If we wanted to actually begin assessing the case for NHL expansion or relocation to northern Ontario not only would you have to assess the viability of both Sudbury and Thunder Bay separately but it would also make more sense to start with their television markets. According to the Television Bureau of Canada, Sudbury would fall into a northeastern market that would include the cities of Timmins, North Bay, and Sault Ste. Marie, giving it 512,000 potential viewers; good enough for the 14th largest market in Canada. The Thunder Bay television market holds 149,000 viewers, placing it 25th in Canada. But to put these in perspective, if you placed them in the larger context of the North American television market they would rank 143rd and 220th respectively. Thunder Bay does have the advantage of close proximity to the United States and could potentially tap into Duluth-Superior, which contains an estimated 431,000 viewers, thereby considerably increasing the TV market pull for a Lakehead team. Nevertheless, franchises located in New York, Los Angeles, Chicago, and Toronto are also are home to the four largest television markets on the continent. Even if we assumed that the fan bases in Sudbury and Thunder Bay would be vociferously supportive, their total numbers would still pale in comparison to many of the NHL’s existing clubs.
Source: Chart compiled from the Television Bureau of Canada’s 2014-15 TVBasics Report.
There is no question that NHL fans in the region would be thrilled if the highest tier of professional hockey came to Sudbury or Thunder Bay but the reality is that neither location could support an NHL caliber team. Both places lack the television market, arena infrastructure, and corporate presence to develop and sustain a team. It is far more probable that an American Hockey League team could be iced. Some franchises in the AHL are poorly attended and could draw greater support from Sudbury and Thunder Bay over the course of thirty-eight regular season home games.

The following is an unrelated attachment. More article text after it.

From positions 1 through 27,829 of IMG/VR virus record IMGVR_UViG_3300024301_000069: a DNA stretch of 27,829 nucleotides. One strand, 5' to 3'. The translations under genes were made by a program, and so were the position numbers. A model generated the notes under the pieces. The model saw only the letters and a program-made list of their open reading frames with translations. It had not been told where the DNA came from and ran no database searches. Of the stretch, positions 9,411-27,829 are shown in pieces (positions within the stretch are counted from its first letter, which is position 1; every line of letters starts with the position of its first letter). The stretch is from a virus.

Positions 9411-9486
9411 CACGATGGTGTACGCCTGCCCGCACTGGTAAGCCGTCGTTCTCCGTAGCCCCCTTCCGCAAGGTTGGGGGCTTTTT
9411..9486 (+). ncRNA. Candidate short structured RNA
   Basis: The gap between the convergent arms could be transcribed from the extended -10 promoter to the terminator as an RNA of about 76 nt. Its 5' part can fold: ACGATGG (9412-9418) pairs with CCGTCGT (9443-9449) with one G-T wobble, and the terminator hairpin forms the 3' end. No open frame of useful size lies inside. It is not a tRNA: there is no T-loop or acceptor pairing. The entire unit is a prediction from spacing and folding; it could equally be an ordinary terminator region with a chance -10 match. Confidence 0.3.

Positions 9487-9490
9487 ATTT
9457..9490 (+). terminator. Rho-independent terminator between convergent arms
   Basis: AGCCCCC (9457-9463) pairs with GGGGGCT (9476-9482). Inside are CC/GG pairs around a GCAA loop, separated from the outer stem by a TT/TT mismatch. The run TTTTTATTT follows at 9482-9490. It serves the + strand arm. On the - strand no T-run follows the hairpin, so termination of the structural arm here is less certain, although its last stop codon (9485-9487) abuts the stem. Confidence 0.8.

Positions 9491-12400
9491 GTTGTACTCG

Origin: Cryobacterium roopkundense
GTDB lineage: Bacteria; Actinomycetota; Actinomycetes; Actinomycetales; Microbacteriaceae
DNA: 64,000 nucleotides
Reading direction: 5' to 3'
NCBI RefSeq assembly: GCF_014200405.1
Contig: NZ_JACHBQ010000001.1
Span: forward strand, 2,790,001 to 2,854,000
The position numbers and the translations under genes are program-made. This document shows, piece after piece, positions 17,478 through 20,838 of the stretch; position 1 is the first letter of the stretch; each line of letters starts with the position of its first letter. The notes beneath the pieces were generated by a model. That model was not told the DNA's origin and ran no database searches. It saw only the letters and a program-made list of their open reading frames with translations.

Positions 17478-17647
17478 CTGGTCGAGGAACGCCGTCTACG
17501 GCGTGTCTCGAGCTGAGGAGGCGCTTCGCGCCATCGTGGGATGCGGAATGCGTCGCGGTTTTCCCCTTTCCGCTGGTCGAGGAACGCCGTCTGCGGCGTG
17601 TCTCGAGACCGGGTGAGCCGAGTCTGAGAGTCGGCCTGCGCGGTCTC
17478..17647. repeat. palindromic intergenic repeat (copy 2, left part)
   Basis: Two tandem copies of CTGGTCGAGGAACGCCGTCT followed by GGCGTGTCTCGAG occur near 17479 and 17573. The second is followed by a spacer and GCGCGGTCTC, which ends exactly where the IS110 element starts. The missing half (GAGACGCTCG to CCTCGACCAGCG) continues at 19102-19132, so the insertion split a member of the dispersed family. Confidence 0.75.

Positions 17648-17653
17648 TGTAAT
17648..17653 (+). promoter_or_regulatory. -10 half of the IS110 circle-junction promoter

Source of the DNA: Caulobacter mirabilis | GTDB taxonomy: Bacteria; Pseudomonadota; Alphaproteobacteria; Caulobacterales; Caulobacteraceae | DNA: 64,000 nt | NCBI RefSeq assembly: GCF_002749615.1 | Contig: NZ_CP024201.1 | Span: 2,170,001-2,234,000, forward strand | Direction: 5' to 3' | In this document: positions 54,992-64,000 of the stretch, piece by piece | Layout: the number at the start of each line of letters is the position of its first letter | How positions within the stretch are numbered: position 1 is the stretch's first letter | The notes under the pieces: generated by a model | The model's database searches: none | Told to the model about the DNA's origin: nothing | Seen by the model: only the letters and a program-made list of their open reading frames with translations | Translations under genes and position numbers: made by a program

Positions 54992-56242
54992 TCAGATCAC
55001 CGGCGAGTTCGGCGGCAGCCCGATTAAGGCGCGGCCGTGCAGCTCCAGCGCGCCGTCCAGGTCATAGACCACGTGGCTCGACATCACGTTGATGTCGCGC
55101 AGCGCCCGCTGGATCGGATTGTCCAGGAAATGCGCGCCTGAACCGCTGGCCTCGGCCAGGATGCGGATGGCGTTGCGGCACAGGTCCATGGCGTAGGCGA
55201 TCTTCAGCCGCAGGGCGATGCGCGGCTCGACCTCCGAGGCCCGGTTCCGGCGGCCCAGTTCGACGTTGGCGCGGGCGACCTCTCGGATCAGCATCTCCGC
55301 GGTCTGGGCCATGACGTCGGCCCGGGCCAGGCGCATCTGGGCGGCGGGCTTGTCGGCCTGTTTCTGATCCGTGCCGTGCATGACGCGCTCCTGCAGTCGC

Thunder Bay has actually been in discussion with True North, owner of the Winnipeg Jets, about luring their AHL affiliate to the city. True North has been receptive to the idea as the Jets’ farm team, the IceCaps, have been located in St. John’s, Newfoundland for the last four years, posing a considerable geographical encumbrance. Beginning in the 2015-16 season, the IceCaps will move to Winnipeg, as the Manitoba Moose, and will play in the same facility as their parent club. If Thunder Bay wants to pry the Moose out of Winnipeg they will have to grab them buy the antlers by breaking ground on an events centre in the next few years. Northern Ontario is a region that contains 278 census subdivisions and is home to 803,000 people. More importantly, Sudbury and Thunder Bay are two distinct places separated by more than 600 miles. Maybe Nate Silver should have taken a trip up north, or at least looked at a map, before proposing an NHL market of Sudbury-Thunder Bay.
*As of 27 July 2015, Nate Silver or FiveThirtyEight have never offered up an explanation as to why they grouped Sudbury and Thunder Bay as one NHL market.
By Mike Commito, Policy Analyst with Northern Policy Institute